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Tiger Caught By The Tail


Tiger's tough fight in airlines jungle

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Mar 31, 2008

TIGER Airways has lost its second chief financial officer in less than two years, amid speculation that the Singapore Airlines-backed low-cost carrier is also struggling to retain staff in Australia, only four months after it launched services out of Melbourne.

The airline confirmed on Friday that its Melbourne-born CFO, Peter Negline, had resigned because he wanted to "do his own thing" after eight months in the job.

"Perhaps he found that this was not the job for him and he wants to try something different," a Tiger spokesman told Singapore's Business Times.

The move has also raised questions of whether there are serious differences between Tiger chief executive Tony Davis and his management team over the airline's direction.

There are also questions over whether Tiger has stretched its relatively small fleet of 12 Airbus A320 jets too thinly across its 31 destinations in Australia, South East Asia, India and China.

The state of credit markets has also raised speculation about aircraft lessors and whether they will be willing to lease more planes to an airline that wants to pursue aggressive expansion in Australia and Korea, where it will almost certainly encounter heavy losses.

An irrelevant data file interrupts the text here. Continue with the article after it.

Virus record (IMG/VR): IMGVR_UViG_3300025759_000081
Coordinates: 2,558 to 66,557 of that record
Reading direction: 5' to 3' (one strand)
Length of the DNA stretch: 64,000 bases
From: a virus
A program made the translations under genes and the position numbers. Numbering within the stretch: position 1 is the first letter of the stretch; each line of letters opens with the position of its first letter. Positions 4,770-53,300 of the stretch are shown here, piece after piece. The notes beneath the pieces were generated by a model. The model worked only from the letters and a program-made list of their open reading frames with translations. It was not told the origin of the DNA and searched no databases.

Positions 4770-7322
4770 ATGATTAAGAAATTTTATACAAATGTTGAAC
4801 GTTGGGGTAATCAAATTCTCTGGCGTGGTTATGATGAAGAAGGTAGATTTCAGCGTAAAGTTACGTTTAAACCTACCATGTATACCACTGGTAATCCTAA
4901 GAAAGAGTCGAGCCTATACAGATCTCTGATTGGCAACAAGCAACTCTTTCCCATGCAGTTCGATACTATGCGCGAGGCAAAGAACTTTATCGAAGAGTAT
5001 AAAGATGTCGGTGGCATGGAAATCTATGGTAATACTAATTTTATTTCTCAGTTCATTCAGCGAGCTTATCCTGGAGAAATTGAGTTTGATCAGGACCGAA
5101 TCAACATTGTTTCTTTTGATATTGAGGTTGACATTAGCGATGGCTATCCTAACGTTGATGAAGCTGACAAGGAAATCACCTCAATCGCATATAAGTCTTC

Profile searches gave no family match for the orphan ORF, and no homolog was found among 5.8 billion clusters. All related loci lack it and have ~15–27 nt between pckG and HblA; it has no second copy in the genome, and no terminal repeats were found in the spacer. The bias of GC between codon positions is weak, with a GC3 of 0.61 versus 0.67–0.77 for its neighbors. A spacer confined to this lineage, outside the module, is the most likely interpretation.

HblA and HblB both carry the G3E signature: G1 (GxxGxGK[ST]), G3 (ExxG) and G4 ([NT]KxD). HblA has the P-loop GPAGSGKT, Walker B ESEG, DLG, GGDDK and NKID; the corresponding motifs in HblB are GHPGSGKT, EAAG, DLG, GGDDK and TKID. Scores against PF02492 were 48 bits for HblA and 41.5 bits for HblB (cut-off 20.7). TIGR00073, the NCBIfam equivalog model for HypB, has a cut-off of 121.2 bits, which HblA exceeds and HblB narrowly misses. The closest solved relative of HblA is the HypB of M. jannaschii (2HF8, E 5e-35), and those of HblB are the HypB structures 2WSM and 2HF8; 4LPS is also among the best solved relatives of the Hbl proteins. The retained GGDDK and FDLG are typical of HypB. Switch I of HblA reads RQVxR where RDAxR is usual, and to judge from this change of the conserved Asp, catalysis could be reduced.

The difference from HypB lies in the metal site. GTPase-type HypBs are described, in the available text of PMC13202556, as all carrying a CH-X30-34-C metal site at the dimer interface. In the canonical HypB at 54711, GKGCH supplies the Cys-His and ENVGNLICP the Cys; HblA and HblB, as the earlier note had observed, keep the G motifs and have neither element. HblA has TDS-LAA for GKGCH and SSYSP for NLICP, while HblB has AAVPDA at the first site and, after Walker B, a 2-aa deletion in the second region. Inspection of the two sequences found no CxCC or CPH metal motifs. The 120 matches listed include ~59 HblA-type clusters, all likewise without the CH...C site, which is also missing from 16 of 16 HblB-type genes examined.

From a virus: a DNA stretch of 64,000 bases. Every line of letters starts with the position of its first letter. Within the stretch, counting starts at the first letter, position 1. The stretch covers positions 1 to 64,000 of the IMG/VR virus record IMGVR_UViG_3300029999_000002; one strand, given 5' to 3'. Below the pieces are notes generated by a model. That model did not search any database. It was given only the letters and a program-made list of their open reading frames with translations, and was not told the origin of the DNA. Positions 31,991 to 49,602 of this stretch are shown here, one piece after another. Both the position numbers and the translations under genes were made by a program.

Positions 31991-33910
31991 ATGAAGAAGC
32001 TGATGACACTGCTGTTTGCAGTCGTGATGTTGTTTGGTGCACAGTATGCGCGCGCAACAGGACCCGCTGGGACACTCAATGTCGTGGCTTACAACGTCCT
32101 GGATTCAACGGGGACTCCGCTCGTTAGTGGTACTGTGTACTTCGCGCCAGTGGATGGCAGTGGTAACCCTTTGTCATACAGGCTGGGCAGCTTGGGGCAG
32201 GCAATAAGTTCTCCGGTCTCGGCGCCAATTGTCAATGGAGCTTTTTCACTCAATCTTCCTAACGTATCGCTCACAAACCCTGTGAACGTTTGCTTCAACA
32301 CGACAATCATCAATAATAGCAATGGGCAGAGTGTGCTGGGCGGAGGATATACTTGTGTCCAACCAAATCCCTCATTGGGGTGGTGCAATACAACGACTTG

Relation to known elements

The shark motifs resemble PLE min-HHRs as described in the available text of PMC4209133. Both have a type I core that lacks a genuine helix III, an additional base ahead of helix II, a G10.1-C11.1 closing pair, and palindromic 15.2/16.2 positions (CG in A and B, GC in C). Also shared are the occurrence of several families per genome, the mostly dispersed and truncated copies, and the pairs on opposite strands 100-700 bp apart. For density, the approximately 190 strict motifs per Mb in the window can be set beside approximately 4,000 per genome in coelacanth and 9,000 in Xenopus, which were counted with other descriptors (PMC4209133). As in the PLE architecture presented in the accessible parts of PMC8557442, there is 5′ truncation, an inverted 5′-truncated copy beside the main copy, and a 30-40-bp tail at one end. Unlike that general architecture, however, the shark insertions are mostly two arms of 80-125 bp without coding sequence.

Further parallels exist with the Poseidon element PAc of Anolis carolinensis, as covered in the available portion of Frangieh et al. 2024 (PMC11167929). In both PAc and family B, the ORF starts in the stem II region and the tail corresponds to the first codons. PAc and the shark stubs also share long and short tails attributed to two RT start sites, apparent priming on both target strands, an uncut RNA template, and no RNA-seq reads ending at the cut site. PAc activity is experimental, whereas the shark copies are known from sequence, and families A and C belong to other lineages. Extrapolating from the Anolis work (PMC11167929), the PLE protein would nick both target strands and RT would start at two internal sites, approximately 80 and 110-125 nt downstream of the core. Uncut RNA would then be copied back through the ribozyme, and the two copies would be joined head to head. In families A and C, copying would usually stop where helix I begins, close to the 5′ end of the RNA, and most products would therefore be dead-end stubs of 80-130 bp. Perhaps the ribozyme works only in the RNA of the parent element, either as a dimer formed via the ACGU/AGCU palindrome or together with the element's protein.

Mr Negline, JP Morgan's former head of transport research in Asia, last July replaced Evelyn Tan, who left to "pursue personal interests" after a year in the job.

The departure of Mr Negline, comes amid talk that Tiger staff in Australia are being targeted by higher pay offers from Qantas and Jetstar.

This has been interpreted by some in the aviation industry as an attempt by Qantas and Jetstar to destabilise the fledgling airline. It is understood Jetstar recently offered jobs to Tiger's core team of management pilots in Australia.

In the scenario of Tiger losing all its management pilots, the airline would lose its Air Operators Certificate and would be unable to fly until it found new chief pilots.

Jetstar denied the rumours that it was deliberately targeting Tiger pilots and crew in an attempt to undermine the competitor that began its services out of Melbourne in November.

"Jetstar is a meritocracy and we've been actively recruiting pilots across the board to support our growth," Jetstar spokesman Simon Westaway told BusinessDay. Mr Westaway said Jetstar had up to 89 planes on order. "That requires us to recruit more pilots," he said.

It is believed that at least one Tiger management pilot has already had a job interview with Jetstar, but decided to turn down the job. Tiger failed to comment on speculation that as many as half of its cabin crew recently had job interviews for long-haul positions at Qantas.

It is rumoured that around one quarter, or 20, of its flight attendants ended up taking jobs at Qantas.

Qantas is in the process of recruiting 500 long-haul cabin crew in the lead up to the delivery of its first Airbus A380 later this year.

As part of its recent enterprise bargaining agreement with the Flight Attendants Association, Qantas has been given the green light to hire up to 2000 cabin crew through a subsidiary, QF Cabin Crew Australia, on lower pay conditions than its existing long-haul crews.

business.theage.com.au

Tiger's tough fight in airlines jungle
Craig Abraham



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